I recently received an email from Marlene Savodnik, a friend from California concerning her son Peter, an author and journalist. His new book titled, THE INTERLOPER:LEE HARVEY OSWALD INSIDE THE SOVIET UNION was just released to excellent reviews.
So far the book has been serialized in The Wall Street Journal, The Economist, Salon and several other venues along with author interviews on major news networks. Obviously for many, the fascination and curiosity about Oswald still remains relevant.
Journalist, Peter Savodnik delivers some well researched answers in this revealing biography. THE INTERLOPER would make a great holiday gift for the history buff in your life.
Here what reviewer David Pitt of BOOKLIST had to say:
A lot of people, Savodnik points out, have spent a lot of time speculating about whether Lee Harvey Oswald acted alone when he shot and killed President John F. Kennedy. Very little time, on the other hand, has been spent in examining Oswald as a man.
Savodnik begins with the assumption, for which he later offers plenty of evidence, that Oswald acted alone, and he devotes his time to exploring the reasons why this 24-year-old assassinated an American president. His focus is on Oswald’s years in the Soviet Union—his reasons for going there, his disillusionment (Russia, it turned out, wasn’t a workers’ paradise), and his state of mind when he returned to the U.S. in 1962.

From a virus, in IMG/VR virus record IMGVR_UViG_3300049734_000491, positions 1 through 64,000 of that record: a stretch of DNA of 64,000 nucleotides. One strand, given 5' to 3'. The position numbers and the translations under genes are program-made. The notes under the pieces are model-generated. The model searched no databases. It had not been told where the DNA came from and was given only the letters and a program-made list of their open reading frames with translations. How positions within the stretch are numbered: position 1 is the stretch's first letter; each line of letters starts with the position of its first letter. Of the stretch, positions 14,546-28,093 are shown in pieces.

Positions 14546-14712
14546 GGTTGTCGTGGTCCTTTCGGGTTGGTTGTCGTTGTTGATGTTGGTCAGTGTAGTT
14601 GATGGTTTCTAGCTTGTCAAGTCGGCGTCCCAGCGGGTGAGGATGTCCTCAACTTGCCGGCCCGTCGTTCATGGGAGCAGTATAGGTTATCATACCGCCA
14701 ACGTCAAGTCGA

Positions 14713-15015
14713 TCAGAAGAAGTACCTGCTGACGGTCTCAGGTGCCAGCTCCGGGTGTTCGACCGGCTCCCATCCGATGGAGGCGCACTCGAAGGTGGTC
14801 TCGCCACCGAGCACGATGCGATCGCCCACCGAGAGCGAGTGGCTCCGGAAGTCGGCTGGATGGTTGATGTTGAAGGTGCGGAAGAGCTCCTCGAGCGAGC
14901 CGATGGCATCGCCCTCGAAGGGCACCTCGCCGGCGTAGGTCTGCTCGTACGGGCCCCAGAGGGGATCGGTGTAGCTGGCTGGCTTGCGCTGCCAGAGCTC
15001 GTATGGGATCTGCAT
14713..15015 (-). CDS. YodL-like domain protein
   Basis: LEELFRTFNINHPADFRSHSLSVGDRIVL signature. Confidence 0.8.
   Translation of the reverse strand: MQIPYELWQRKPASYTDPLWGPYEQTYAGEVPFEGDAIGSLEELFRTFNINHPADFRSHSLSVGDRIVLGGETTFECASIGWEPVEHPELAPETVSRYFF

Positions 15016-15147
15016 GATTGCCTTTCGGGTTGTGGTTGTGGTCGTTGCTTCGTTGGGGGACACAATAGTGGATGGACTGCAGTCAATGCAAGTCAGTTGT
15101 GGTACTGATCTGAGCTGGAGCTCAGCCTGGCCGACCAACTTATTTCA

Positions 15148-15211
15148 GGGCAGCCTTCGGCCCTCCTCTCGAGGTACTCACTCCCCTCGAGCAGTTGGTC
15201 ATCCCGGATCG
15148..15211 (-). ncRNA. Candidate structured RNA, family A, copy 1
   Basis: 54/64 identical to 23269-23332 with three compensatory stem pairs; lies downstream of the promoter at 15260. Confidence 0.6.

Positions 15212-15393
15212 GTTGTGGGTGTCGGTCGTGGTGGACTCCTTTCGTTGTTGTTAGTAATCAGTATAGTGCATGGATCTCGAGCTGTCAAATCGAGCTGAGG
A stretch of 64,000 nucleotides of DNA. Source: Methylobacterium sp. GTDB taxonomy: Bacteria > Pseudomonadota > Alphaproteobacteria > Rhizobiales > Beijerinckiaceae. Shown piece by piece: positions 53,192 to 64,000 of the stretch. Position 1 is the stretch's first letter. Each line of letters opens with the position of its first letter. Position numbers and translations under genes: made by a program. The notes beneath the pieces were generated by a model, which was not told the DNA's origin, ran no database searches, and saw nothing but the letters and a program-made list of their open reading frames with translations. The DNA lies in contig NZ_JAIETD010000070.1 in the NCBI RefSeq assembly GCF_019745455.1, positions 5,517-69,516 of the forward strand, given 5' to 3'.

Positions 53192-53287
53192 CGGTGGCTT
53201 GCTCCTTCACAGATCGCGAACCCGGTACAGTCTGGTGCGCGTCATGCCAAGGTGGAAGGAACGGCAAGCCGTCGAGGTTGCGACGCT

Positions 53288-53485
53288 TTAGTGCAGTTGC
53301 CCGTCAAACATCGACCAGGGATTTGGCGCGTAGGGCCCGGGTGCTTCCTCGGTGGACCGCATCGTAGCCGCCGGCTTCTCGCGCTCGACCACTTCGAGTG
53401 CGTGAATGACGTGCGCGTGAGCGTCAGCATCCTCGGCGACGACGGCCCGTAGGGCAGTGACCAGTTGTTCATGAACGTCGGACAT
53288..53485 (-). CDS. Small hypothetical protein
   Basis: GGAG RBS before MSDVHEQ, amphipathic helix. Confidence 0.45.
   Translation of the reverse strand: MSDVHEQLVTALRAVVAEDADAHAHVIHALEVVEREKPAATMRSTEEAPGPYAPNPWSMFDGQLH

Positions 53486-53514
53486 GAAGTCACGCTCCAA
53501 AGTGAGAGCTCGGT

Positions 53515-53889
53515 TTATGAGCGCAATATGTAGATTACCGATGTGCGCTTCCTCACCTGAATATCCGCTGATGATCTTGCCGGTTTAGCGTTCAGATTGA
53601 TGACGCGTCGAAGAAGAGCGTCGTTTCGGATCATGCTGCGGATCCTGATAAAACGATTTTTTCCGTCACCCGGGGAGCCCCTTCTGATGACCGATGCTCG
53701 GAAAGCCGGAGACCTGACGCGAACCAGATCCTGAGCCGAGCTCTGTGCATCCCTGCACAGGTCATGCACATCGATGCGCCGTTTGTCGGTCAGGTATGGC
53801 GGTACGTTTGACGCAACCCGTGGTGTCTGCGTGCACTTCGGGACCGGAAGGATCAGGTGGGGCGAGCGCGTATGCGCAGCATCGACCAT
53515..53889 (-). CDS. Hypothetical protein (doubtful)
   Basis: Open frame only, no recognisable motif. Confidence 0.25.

Savodnik busts a few myths along the way; for example, pointing out that the notion that the Russians would use Oswald as a Manchurian Candidate–style programmed assassin is absurd. But his real interest lies in presenting a picture of Lee Harvey Oswald the man, not merely the murderer. A very welcome addition to the voluminous
literature about the Kennedy assassination. --David Pitt
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